International Affairs

International Affairs

Kerry's Mideast peace mission

Give a standing ovation for Secretary of State John Kerry, whose Herculean efforts have brought the Israelis and Palestinians to the negotiating table.

Even though they are negotiating about how to continue negotiating, and even though the road will be long and hard, what Kerry has accomplished is an extraordinary achievement.


Croatia treads cautiously forward with EU membership

Today I write from Zagreb, Croatia, a sparkling testament to Croatia’s status as the crown jewel of the Balkans. As I walk the streets, there are several important characteristics of this region that strike me.

The first is the overall cleanliness. Crime and garbage on the streets are practically non-existent. The people proudly remind me at every opportunity that Croatia has the highest density of Wi-Fi in the world. 

Hearing things like this would seem to indicate that this is a wired country filled with gadgets like iPads, Kindles and all the other trappings of the modern digital age. To my surprise, though, despite the high levels of education thanks to institutions like the University of Zagreb, this is a country clinging to its parochial roots.


July 4: Before the Anglo-American revolution

The Washington Post’s offering on the Fourth, which is three days away from Canada Day, is an essay by Paul Pirie declaring “The American Revolution was a Flop.” Pirie is, the byline says, “a former historian” in Ontario. As far as the “pursuit of happiness” goes, he says, Americans are unlikely to find it, “provided that they are not rotting in jail.”  

Are Canadians happier than Americans? Possibly Canadian comics are, and approximately 1 in 3 Canadians not rotting in jail is a stand up comic. They, as representative Canadians, seem happy. Canada is rising, and we have been flailing at least since Bush II, probably Clinton I. But the American Revolution was not a flop. As the British journalist John Browne has said, it was the American Revolution that democratized England (and therefore Canada).


Tahrir Square, July 3, 2013

As I write these words early in the afternoon of July 3, and America prepares to celebrate our independence on July 4, countless millions of Egyptians have renewed their campaign to restore hope to Egypt, people around the world honor and pray for Nelson Mandela, and Secretary of State John Kerry is attempting a noble and Herculean effort to bring a two-state solution and peace and prosperity to Israel and Palestine.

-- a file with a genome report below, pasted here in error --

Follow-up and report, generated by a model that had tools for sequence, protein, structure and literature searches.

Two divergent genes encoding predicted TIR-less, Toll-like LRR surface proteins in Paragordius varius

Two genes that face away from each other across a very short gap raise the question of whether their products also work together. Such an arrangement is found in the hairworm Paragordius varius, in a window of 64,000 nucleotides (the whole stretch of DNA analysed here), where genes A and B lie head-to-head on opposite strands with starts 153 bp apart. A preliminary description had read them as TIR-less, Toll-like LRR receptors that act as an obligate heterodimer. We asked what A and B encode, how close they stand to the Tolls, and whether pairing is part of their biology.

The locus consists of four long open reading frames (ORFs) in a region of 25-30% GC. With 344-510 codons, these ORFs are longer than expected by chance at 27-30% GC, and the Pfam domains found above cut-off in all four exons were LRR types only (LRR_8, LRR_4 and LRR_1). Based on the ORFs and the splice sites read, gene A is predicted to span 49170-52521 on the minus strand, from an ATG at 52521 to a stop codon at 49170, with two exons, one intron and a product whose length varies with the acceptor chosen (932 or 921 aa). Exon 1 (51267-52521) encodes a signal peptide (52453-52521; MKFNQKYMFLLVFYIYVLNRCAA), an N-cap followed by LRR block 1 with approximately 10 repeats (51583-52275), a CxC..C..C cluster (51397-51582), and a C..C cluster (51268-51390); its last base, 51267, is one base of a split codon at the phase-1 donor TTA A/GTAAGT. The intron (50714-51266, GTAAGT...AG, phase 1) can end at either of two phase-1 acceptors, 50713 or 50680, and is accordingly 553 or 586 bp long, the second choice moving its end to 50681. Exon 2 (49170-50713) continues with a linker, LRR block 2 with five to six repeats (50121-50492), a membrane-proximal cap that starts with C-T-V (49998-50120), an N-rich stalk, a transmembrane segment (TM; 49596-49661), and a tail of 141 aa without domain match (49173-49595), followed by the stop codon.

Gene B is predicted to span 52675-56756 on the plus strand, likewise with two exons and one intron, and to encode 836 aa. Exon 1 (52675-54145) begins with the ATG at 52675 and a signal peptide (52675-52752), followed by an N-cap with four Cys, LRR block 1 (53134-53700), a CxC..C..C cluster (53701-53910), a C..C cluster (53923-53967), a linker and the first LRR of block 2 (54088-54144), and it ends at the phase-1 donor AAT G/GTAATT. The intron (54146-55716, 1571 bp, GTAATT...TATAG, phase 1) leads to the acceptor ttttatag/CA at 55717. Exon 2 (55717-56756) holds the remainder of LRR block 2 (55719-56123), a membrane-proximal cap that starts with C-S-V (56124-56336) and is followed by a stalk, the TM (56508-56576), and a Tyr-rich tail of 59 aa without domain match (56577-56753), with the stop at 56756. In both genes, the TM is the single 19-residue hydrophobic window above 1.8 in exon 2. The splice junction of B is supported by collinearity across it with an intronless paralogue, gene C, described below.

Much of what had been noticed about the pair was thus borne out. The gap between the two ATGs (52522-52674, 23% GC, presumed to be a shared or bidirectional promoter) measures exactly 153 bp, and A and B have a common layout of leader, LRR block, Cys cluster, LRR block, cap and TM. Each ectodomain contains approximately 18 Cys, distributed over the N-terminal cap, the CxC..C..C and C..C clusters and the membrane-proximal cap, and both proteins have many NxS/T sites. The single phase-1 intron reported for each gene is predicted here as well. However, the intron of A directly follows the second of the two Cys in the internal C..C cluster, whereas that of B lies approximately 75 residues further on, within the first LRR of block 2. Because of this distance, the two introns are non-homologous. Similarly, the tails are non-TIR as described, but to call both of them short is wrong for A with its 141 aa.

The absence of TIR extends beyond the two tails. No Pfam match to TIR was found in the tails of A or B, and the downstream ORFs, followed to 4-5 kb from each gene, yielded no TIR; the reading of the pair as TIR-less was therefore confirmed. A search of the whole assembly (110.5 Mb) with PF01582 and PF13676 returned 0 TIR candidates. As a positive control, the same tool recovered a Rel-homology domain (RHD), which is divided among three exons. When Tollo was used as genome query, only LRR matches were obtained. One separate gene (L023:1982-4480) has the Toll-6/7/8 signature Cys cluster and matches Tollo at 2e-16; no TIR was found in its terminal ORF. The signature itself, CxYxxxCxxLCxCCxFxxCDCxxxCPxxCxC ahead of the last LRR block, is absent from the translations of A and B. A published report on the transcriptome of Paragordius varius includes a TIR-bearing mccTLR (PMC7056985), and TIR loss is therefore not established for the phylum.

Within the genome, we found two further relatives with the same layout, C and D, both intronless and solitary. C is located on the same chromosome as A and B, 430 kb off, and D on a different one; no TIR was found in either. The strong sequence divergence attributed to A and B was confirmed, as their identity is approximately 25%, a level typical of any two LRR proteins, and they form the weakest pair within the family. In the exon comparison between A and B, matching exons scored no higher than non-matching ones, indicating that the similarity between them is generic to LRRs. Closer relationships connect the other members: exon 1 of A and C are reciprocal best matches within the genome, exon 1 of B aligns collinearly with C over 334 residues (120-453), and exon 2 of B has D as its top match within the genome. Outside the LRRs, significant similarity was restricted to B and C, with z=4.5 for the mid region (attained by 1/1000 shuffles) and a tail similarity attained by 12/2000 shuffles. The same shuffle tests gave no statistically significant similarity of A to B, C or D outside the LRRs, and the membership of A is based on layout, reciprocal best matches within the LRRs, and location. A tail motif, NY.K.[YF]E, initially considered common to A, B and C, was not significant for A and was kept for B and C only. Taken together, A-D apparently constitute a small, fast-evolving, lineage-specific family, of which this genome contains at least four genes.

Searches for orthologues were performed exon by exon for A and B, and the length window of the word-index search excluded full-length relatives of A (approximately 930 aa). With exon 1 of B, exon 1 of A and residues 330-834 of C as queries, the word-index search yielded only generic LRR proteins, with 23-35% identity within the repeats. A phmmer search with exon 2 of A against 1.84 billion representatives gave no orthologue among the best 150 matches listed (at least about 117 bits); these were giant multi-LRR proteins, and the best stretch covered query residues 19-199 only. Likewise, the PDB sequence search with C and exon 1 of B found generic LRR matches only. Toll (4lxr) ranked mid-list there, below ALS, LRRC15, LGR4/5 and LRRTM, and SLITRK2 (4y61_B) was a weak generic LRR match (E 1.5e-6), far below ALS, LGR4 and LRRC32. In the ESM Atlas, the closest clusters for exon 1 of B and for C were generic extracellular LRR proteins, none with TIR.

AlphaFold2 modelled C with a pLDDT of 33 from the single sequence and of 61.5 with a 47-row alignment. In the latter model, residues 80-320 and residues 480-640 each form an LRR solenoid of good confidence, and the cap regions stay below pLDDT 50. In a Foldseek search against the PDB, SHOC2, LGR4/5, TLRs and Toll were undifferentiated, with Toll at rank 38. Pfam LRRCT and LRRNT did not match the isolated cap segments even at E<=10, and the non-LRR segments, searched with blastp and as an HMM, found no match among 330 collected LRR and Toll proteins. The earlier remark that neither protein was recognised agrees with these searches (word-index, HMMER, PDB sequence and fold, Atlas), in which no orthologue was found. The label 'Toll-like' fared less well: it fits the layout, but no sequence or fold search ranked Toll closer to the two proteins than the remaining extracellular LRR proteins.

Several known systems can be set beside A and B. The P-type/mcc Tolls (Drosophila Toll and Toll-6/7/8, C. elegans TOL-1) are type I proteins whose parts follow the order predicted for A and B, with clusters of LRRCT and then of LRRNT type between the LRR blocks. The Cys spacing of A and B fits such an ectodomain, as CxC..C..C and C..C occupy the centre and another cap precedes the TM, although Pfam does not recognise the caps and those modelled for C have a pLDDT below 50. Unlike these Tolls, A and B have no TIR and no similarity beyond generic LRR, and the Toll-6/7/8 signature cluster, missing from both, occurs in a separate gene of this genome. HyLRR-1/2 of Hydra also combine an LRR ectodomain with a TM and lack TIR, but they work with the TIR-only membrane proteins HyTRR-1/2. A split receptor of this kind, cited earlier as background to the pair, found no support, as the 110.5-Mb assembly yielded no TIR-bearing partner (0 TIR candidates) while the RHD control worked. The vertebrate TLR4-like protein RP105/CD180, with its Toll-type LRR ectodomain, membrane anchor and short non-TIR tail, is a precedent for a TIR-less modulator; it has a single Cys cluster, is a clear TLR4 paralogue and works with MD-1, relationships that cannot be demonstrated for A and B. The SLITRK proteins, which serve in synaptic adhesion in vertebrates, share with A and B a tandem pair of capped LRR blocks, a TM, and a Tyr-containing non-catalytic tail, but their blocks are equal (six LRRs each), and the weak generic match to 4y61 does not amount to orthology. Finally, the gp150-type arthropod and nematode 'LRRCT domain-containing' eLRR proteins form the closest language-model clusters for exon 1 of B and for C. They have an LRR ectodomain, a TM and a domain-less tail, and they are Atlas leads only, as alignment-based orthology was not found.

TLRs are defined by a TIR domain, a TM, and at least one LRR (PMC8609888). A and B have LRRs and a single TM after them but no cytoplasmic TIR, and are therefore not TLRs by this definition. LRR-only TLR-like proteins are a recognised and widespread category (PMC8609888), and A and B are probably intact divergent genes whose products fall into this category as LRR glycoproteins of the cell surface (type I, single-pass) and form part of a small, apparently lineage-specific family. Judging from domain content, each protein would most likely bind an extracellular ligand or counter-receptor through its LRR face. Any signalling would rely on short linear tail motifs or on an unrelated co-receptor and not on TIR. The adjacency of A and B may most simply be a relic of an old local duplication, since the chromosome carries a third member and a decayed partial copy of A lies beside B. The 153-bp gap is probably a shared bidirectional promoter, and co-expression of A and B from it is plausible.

These are big issues. These are big events. These are big moments in history. Let me repeat here a proposal I offered some time ago.


Impressions from Dubrovnik

On Monday, Croatia became the 28th country to join the European Union. While its accession may not appear that significant — it is home to only 4.5 million people and is not even as large as West Virginia — it demonstrates the ongoing attraction of joining a powerful bloc. 

The New York Times reports that “the incentive of joining the union pushed it to revamp a statist post-Communist economy, pass more than 350 laws and arrest more than a dozen Croatian and Bosnian-Croat war criminals.”

Given current conditions in Croatia — unemployment is close to 20 percent, youth unemployment is over 50 percent and the country’s credit rating has been “junk” as of this past December — some Croats believe that they can only benefit by integrating into the EU. 

That judgment, however, is far from universal. In the coastal city of Dubrovnik, a UNESCO world heritage site where my family and I have been visiting the past few days, virtually all of the people I’ve spoken with — young and old, occupying a wide range of professions — were either indifferent or opposed to the move. In fact, despite (or perhaps because of) the heightened scrutiny that’s being foisted on Croatia, many of them sounded like they wanted nothing more than to be left alone.


Selective umbrage

I see in press notes that R&B singer Alicia Keys has been criticized by artists such as Alice Walker for planning to perform in Tel Aviv, Israel, on July 4.

Walker doesn’t know Keys but nonetheless advised the singer that it grieved her to learn Keys was performing in an “apartheid” country and thus putting herself in "soul danger" by resisting a rising tide of resistance to Israel's policies toward Palestinians. Stephen Hawking also canceled a scientific conference when challenged to do so by Palestinian organizations on the same grounds. The phenomenon is not unique in recent history.


Netanyahu bars Israeli MK Feiglin from Temple Mount

The Jerusalem Post reports Monday that Knesset Member Moshe Feiglin (Likud) was barred from the Temple Mount holy site by an order from Prime Minister Benjamin Netanyahu.

As Feiglin does on the 19th of every Hebrew month, he planned to pray at Temple Mount. He has been doing so monthly for the past 10 years. 


Weaponizing a nuclear device

I find it fascinating that every time North Korea or the Iranians continue to make progress on weaponizing a nuclear device, our leaders say, “Yeh, but they’re still years away from developing a bomb …”

Like that’s supposed to make me feel better? Pretty soon, the future becomes the present, and then what do we do? What’s with this attitude that something (or someone) will take care of our enemies’ hatred?


Egyptian president must make real amends to end the unrest

These are dangerous times in Egypt.

I was in Cairo’s Tahrir Square last week for the second anniversary of the Egyptian revolution that ended the 30-year rule of Hosni Mubarak.

On the square, the opposition demonstrators were shouting the same slogans that brought down Mubarak: “The people want the downfall of the regime.” I don’t think that Egypt’s Islamist President Mohamed Morsi, who was democratically elected only seven months ago, will suffer the same fate as Mubarak, whose rule was marked by corruption and nepotism.